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Partitioning Strategies (Read 4691 times)
arbalest
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Partitioning Strategies
Jul 23rd, 2008 at 12:48pm
 
I just read the RAD guide on partitioning (and did a search on this board to see if my question has already been asked) and still wonder about the advantages of breaking a data partition in to separate chunks for specific data types.

I've always been a believer in having a C: (System) partition and a D: (Data) partition and periodically Ghosting a System image to the Data partition.  Now I'm setting up a new 500Gb drive in an external enclosure and am wondering what advantages (other than neater organization) of making partitions for MP3, Ghost images and other data separate.  I don't edit video but it could happen some day. What is the advantage of having that on a separate partition as well?

Is the logic that a data corruption or disk surface error will limit the damage to just one category of data?
 
 
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Rad
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Re: Partitioning Strategies
Reply #1 - Jul 23rd, 2008 at 3:22pm
 
Quote:
I don't edit video but it could happen some day. What is the advantage of having that on a separate partition as well?

Hi. Partitioning is all about what works best for you. Because we all use our PCs in different ways. I documented my own strategies for the uninitiated, but you sound like you have enough experience to make your own judgments.

As I said, video editors should really have a separate hard drive (physical, not logical) to store their video files. And that should be internal, not external, for speed.

External drives have less reason to need/use partitions. My external drive contains only a single 500-gig partition. I could also see breaking it in half .. to 250-gig + 250-gig. But I can't see going any further that 3x165GB.

Quote:
wonder about the advantages of breaking a data partition in to separate chunks for specific data types

Not sure if I follow you. Can you elaborate?
 
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arbalest
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Re: Partitioning Strategies
Reply #2 - Jul 23rd, 2008 at 6:41pm
 
Rad wrote on Jul 23rd, 2008 at 3:22pm:
>>    I wonder about the advantages of breaking a data partition in to
>>    separate chunks for specific data types

Not sure if I follow you. Can you elaborate?  


By "data types" I just mean -- regular documents vs. MP3 files vs. ghost images. Currently I keep these under separate trees under the Data Partition.  Since I have a blank slate (new drive) I was wondering what additional advantage I might gain from putting these in separate partitions instead.
 
 
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Rad
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Re: Partitioning Strategies
Reply #3 - Jul 24th, 2008 at 9:16pm
 
don't know what else i can add.

everything is already included in the guide.

strategy wise.

do you have specific questions?

i hate to repeat myself.
 
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MrMagoo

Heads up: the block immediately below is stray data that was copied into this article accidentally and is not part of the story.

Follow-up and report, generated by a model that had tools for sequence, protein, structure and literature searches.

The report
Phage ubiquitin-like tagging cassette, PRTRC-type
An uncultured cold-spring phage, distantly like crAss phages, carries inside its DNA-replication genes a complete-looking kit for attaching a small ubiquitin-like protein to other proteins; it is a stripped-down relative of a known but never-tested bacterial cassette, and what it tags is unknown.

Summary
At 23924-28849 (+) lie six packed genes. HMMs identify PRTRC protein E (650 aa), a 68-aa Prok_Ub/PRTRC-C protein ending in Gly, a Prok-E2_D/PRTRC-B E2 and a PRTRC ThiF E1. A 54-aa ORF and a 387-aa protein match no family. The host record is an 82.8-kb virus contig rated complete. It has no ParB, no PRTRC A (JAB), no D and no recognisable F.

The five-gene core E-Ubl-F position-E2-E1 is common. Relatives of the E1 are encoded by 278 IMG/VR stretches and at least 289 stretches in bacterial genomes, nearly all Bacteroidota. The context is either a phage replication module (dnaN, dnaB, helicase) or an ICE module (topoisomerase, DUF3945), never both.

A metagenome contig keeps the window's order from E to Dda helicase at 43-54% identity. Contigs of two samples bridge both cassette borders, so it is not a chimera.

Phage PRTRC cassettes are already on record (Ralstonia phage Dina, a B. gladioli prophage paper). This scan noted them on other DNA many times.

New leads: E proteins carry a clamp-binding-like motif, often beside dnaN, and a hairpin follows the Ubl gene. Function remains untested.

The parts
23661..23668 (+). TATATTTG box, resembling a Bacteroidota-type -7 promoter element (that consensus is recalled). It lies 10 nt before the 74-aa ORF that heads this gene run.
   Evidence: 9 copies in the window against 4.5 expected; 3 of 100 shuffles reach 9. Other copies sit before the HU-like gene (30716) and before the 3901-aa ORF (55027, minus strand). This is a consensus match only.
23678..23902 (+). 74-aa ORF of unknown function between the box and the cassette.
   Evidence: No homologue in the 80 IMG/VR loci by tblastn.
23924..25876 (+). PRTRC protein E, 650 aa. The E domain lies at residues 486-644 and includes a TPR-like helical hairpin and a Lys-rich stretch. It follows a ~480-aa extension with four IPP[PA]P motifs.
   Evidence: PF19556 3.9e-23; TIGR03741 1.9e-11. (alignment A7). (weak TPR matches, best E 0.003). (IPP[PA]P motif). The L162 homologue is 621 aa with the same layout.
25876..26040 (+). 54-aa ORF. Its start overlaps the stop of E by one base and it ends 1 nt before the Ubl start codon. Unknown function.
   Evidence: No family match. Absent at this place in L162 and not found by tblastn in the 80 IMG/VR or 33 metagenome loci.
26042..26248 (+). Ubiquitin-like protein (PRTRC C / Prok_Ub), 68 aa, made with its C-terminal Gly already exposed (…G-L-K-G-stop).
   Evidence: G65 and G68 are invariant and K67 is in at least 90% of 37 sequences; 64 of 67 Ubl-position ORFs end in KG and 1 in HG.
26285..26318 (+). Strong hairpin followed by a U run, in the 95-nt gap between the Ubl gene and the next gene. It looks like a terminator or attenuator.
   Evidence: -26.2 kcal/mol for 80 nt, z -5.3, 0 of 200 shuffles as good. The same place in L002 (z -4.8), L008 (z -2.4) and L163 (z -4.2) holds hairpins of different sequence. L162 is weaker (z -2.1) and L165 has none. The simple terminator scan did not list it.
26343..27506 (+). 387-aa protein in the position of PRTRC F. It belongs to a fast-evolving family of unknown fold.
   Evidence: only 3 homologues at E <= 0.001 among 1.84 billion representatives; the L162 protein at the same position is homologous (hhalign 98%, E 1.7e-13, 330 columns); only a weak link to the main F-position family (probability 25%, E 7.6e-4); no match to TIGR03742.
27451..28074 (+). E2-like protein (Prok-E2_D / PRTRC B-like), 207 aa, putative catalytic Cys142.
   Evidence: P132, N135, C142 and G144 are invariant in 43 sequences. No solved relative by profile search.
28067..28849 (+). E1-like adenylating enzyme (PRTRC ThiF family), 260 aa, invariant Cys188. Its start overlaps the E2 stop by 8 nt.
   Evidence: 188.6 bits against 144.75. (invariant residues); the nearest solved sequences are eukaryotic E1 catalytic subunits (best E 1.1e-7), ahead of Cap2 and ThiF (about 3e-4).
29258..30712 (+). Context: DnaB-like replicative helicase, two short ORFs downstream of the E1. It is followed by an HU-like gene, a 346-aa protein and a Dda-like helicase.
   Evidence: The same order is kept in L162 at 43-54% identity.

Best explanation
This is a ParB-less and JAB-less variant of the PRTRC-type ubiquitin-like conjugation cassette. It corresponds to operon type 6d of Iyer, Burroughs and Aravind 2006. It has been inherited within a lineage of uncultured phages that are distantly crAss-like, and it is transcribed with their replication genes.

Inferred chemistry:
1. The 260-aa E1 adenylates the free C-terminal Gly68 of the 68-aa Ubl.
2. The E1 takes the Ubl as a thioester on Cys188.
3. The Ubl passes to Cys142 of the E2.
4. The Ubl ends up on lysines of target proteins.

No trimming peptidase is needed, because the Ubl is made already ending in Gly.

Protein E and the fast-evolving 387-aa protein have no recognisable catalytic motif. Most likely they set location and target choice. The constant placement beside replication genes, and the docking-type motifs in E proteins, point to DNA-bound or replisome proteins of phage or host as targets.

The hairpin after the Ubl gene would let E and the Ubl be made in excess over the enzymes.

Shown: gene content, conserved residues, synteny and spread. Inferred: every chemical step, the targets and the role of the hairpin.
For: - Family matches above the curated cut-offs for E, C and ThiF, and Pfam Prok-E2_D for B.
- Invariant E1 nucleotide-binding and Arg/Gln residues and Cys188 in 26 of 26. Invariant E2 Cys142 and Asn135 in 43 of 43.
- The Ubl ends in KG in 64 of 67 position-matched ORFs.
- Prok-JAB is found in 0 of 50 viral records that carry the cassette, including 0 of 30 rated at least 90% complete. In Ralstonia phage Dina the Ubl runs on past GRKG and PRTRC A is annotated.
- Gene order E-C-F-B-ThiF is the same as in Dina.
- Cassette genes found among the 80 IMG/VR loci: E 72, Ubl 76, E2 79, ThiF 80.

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Re: Partitioning Strategies
Reply #4 - Jul 25th, 2008 at 2:46am
 
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I was wondering what additional advantage I might gain from putting these in separate partitions instead.

You would decrease the flexibility of how much of each type you can keep.  Only advantage I can think of is a shorter defragmentation time, but that really isn't a huge advantage for most people.
 
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Pleonasm
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Re: Partitioning Strategies
Reply #5 - Jul 25th, 2008 at 8:13am
 
Arbalest, you could have the appearance of different partitions, to gain organizational benefits, but still have all of your information on one physical partition by using the technique:  Assign a Drive Letter to a Folder.
 

ple • o • nasm n. “The use of more words than are required to express an idea”
 
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TheShadow
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Re: Partitioning Strategies
Reply #6 - Aug 22nd, 2008 at 2:54pm
 
I've been doing this stuff way longer than maybe I should have.

In the days of the Seagate 20meg hard drive, partitioning wasn't even a subject for discussion.  But when the drives started coming out in multiples of gigabytes, partitioning became more wide spread.

With the large drives of today, I will NOT set up a new hard drive without partitioning it for the OS and Storage.  The OS partition should be large enough for your OS and the programs you use every day.
The storage partition can be used to store pictures, music, videos and really large Software Suites like MS Office, Corel Suites, etc.
This keeps scans and defrags down to a minimum time frame and lengthens the life of the drive.

Further partitioning the "Storage" area into separate partitions for different file types is totally redundant and makes drive maintenance a nightmare. 
Separating information is what Folders are for. Wink 
Folders can and will grow along with the data in them....a partition CAN-NOT. 
Having to re-size multiple partitions on your HD, is a recipe for disaster.
Even an experienced tech, using the best partitioning software available, can screw that one up! Embarrassed

Likewise having two OS's on the same HD.
Want to run two OS's?  Then use two HD's. 
Eventually, you'll be really glad you did. Roll Eyes

Cheers Mates!
The Shadow  Cool

 
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